This month too, debkafile‘s counter-terror sources reveal, a secret meeting, first of its kind, took place in Bahrain between a group of American lawyers and several Saudis and Gulf nationals whose fathers or sons are held in secret US detention facilities for terrorists. The lawyers did not identify themselves except as human rights activists and promised nothing except that there would be more such encounters. They listened to the families’ complaints and took notes. The venue of the rendezvous suggests careful thought went into the occasion in more than one quarter: Bahrain is site of the US Fifth Fleet command in the Persian Gulf. Saudi Arabia maintains a heavy intelligence presence there.
The secrets of Camp Cropper came to light at the same time as revelations of abuse in other corners of the US-led global war on terror.
Last week, ahead of Afghan president Hamid Karzai’s visit to Washington on Monday, May 23, he New York Times carried a further report of prisoner abuse at a US holding facility in Bagram airport near Kabul. These incidents were dated to 2002. An angry Karzai demanded “American justice” for alleged US troop abuses that caused the deaths of two Afghan detainees: One, a 22-year old taxi driver known as Diwala was said to have been chained to the ceiling by his wrists for four days and beaten, and a second called Habibullah. A military coroner found that both had died from “blunt force trauma.”
The NYT reports seven US troops were detained in the case but none convicted.
As to the sources of these grim exposures, by far the richest are the 17 al Qaeda Internet sites whose virtual pages are devoted to possibly virtual accounts of the ways in which their followers are maltreated at US detention facilities.
debkafile‘s specialist sources on Islamist groups describe how the Internet is used as a postbox for inmates to receive messages from their relatives and supporters.
Each prisoner is awarded his own Web page detailing the full circumstances of his capture, his injuries and their severity, the address of hospital that cared for him and the names of the doctors who treated him. Listed too are his captors, whether Americans, Pakistani, Syrian, Sudanese, Saudi or the Afghan tribes who make a handsome living out of US bounty for the handover of captured al Qaeda and Taliban terrorists. Added to each site are the names of the commanders who nabbed the terrorist, the facility where he was held and the date on which he was turned over to the Americans.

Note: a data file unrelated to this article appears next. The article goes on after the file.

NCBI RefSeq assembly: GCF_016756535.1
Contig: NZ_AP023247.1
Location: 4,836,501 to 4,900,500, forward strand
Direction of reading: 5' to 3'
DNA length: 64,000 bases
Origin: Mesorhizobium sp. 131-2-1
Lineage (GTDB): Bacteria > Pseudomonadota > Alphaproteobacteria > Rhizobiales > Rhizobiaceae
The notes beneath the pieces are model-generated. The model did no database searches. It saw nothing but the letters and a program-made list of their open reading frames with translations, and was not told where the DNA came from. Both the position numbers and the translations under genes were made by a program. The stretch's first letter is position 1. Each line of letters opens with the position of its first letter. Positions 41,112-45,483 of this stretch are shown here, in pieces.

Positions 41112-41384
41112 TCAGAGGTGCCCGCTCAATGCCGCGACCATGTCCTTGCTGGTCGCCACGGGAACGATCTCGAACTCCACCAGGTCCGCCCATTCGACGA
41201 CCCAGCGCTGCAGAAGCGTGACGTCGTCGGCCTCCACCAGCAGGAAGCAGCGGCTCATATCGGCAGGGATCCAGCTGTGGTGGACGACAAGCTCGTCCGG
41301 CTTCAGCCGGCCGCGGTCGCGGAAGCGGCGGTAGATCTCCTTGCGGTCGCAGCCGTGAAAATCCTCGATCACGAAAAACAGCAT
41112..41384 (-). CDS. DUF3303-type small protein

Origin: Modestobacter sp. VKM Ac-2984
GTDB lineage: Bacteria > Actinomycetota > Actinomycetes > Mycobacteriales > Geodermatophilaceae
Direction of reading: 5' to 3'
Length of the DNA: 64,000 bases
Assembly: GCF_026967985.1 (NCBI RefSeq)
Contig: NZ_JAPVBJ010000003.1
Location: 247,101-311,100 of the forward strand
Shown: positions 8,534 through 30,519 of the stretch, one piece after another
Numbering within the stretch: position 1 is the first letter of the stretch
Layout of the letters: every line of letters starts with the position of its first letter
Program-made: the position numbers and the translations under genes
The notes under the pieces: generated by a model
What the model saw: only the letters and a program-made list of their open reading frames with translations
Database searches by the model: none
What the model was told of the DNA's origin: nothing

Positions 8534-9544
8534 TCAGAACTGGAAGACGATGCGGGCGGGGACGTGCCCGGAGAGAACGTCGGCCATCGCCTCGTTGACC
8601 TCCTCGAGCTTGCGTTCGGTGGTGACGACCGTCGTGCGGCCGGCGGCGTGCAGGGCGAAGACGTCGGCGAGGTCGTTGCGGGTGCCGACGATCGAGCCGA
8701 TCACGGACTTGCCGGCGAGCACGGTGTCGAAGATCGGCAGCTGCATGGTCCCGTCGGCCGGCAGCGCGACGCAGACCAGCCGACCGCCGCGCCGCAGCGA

The most striking example of a terrorist awarded his own Web page is the high-value Saudi captive in American hands called Abdullah Metrafi, head of the Wafa (Aid) group, an important al Qaeda recruiting arm. Metrafi was caught by US special forces in 2002 shortly after the Taliban’s fall in Kabul and lifted straight to one of the secret US detention centers. Before that he was reported to be director of operations at al Qaeda’s Abu Khabab camp outside Jalalabad, where three laboratories for the production of banned WMD substances were found. No further information was ever released on those labs.
The al Qaeda Web sites also offer information on the conditions in which the inmates are held at Guantanamo Bay and other secret facilities in Afghanistan and Pakistan.
Much of the content of these al Qaeda sites may be fabricated or skewed to serve as a psychological weapon against the US commanders and troops staffing the detention centers. But some of it appears to come from authentic sources, such as British and French inmates released from the center in Cuba, members of Red Cross delegations allowed to pay occasional visits to prisoners, or prison warders and guards with information they are willing to sell for a price.